Years ago I started a cross-country ski team in a small rural school district nestled in the Adirondack Mountains of New York. To grow the program, I shamelessly encouraged and cajoled every student I could to join the team regardless of experience on skis or level of fitness. I remember working particularly hard on one reluctant 8th grader who told me he had a breathing problem that surfaced whenever he over exerted himself. I checked with his parents who said there was nothing wrong with his lungs, and if “William” wanted to join the team, he could. So, “William” indeed showed up for what proved to be an abbreviated season for the boy. You see, “William’s” problem turned out to be a lack of endurance. His “breathing problem” surfaced during day two when, while running alongside him offering my encouragement, he blurted in a frustrated manner between gasps of air, “See Mr. Danna. I can’t breathe. I have a breathing problem!” At which point, he stopped, walked off the field, and bid adieu to the idea of cross-country skiing.

The parallels between understanding the need to push students along the staircase of text complexity and my former student athlete’s endurance difficulties, “William” are uncanny. In “William’s” case, he had evidently never been pushed to over exert himself. When his lungs kicked in during physical exertion to oxygenate the muscles, he backed off fearing the worst.  Looking back, I probably could have done a better job supporting him through the first few days of practice. More one on one coaching and time to explain how his body works in response to physical activity may have kept him on the team (“William” did find basketball and his capacity to perform athletically in high school). But what about those students who struggle with reading? How do we get them to handle frustration and exceed their low expectations of themselves to read? How do we prevent them from quitting the team? How do we grow their background knowledge, fluency, phonemic awareness, and comprehension skills? By keeping students within Vygotsky’s Zone of Proximal Development while pushing them up the Staircase of Complexity.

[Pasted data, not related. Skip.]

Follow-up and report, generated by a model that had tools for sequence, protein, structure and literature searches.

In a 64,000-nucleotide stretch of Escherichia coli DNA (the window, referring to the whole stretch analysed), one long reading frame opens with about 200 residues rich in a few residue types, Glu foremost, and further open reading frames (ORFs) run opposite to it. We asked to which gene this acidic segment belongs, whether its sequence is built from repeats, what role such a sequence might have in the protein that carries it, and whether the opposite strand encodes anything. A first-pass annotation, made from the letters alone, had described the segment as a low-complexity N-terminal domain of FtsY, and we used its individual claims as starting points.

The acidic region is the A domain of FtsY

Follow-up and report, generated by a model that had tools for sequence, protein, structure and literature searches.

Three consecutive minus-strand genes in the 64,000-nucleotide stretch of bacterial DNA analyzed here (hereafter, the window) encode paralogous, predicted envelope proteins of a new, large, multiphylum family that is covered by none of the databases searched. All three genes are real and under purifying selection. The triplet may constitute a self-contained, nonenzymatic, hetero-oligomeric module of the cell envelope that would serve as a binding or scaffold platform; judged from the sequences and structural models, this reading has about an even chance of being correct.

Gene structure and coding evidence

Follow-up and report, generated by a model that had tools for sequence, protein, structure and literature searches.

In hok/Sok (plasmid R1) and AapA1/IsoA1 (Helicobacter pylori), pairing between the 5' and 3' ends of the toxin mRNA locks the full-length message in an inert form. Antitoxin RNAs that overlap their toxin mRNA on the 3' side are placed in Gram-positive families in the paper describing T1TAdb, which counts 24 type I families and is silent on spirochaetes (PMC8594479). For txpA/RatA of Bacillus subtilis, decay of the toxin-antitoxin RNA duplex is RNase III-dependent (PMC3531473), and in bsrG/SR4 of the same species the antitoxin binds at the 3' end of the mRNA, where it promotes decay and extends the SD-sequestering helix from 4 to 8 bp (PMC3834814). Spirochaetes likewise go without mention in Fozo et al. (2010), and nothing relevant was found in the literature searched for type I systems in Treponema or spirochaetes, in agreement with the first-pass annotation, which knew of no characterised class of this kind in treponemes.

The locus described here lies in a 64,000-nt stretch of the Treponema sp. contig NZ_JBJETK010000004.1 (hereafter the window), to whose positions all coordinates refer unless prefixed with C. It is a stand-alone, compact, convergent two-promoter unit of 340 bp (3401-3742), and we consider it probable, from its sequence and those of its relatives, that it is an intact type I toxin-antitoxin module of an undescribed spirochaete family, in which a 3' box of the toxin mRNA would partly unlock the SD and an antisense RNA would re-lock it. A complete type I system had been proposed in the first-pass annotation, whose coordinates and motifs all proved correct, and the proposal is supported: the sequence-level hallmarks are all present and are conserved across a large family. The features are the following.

In case you’re looking for definitions of text complexity, the New York State Education Department (NYSED) defines CCLS ELA/Literacy Instructional Shift Three,  Staircase of Complexity, as, “Students read the central, grade appropriate text around which instruction is centered. Teachers are patient, create more time and space and support in the curriculum for close reading.” Achieve the Core identifies Shift Three, Regular practice with complex text and its academic language, as “Rather than focusing solely on the skills of reading and writing, the Standards highlight the growing complexity of the texts students must read to be ready for the demands of college and careers. The Standards build a staircase of text complexity so that all students are ready for the demands of college- and career-level reading no later than the end of high school. Closely related to text complexity–and inextricably connected to reading comprehension–is a focus on academic vocabulary: words that appear in a variety of content areas (such as ignite and commit).”  The only difference between Achieve and NYSEDs’ definitions for text complexity is that NYSED separates out Shift Six (Academic Vocabulary) from the definition. In any event, the definitions are self-explainable. But what happens in the classroom?

Developing students’ capacity to move up the staircase of complexity requires careful planning by the teacher. Understanding the qualitative measures, quantitative measures, and reader-task considerations of text complexity is a pre-requisite for instructional planning, and to do so effectively requires knowledge of one’s students. What is their reading level, fluency, comprehension skills, areas of interest, etc? What diagnostic tools are being used to ascertain student readiness and ability to read? What forms of strategic or progress monitoring are in place, and how are struggling readers supported to ensure they stay within the upper limits of the Zone of Proximal Development when interacting with complex text? Is Daily Five part of the program? Echo reading? Guided reading? Elbow to elbow reading? Are teachers differentiating by content, process, and product? So many questions for such a complex process.